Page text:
This is of course not a list of all the questions you will ever be asked. Nor is it necessarily a set of “good” interview questions.  But if have carefully prepared  answers up your sleeve for these questions, they will serve you well and help you represent yourself to the fullest. Good luck!

How to hire someone

Recruiting good people is a pain. There’s few things that feel as pointless as spending an hour interviewing someone who you know isn’t going to get the job, or trawling though a huge pile of innaporpriate CVs. Life is too short and your time is too precious to be inefficient when you are recruiting. Futhermore, hiring bad people costs you way more than their wage. Here’s my top tips.

1. Decide in advance what you’re looking for

It boils downs to three things: Skills, experience and domain knowledge. Skills might include technical skills, but also things like people skills and communication or language skills. Be clear about what you actually need, and what would be nice to have. It sounds too obvious that you should do this at the start of the process, but it’s amazing how often candidates get all the way through the process only to be dismissed because they are too junior, or too expensive.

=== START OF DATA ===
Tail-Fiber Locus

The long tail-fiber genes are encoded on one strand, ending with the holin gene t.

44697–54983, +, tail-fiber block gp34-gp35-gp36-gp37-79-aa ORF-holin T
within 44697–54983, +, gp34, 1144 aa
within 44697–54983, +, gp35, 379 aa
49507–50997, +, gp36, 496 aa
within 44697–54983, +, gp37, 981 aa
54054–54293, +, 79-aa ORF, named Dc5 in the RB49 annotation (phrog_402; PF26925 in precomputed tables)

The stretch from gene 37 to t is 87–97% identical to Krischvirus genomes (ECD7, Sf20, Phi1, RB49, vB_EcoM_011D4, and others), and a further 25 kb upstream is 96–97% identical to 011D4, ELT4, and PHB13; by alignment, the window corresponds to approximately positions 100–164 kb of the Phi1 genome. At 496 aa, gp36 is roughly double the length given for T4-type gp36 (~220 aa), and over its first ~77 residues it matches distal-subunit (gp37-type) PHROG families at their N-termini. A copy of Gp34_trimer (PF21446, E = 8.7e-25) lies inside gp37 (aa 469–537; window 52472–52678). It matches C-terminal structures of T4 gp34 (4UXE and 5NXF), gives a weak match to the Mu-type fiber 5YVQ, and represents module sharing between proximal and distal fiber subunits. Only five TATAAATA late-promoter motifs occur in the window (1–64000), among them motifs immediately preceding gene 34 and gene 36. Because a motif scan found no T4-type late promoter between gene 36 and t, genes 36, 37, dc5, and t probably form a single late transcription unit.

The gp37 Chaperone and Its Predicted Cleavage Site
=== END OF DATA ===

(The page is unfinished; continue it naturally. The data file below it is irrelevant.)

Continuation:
2. Restrict the number of agents you use

If you throw your vacancies open to every agent who wants to place a candidate you will quickly become inundated with CVs, many of which will be duplicates and you’ll be fielding calls from agents all day. Your life will be a misery. Pick your favourite two agencies, and politely decline CVs from anyone else. Don’t give any agency exclusivity, however much they ask for it. An element of competition is good.

3. Brief your agents really well and establish ground rules.

Make it clear that candidates who don’t meet the minimum standards you have set will be rejected, and to not bother submitting them. The better you brief your agents, the fewer CVs they will send you for review and the better quality those CVs will be. To avoid a continuous trickle of CVs, I like to agree a date with my agents when they will send me their ten best CVs. I then know that on that date I can expect to spend the afternoon reviewing 20 CVs, and I can arrange my diary accordingly.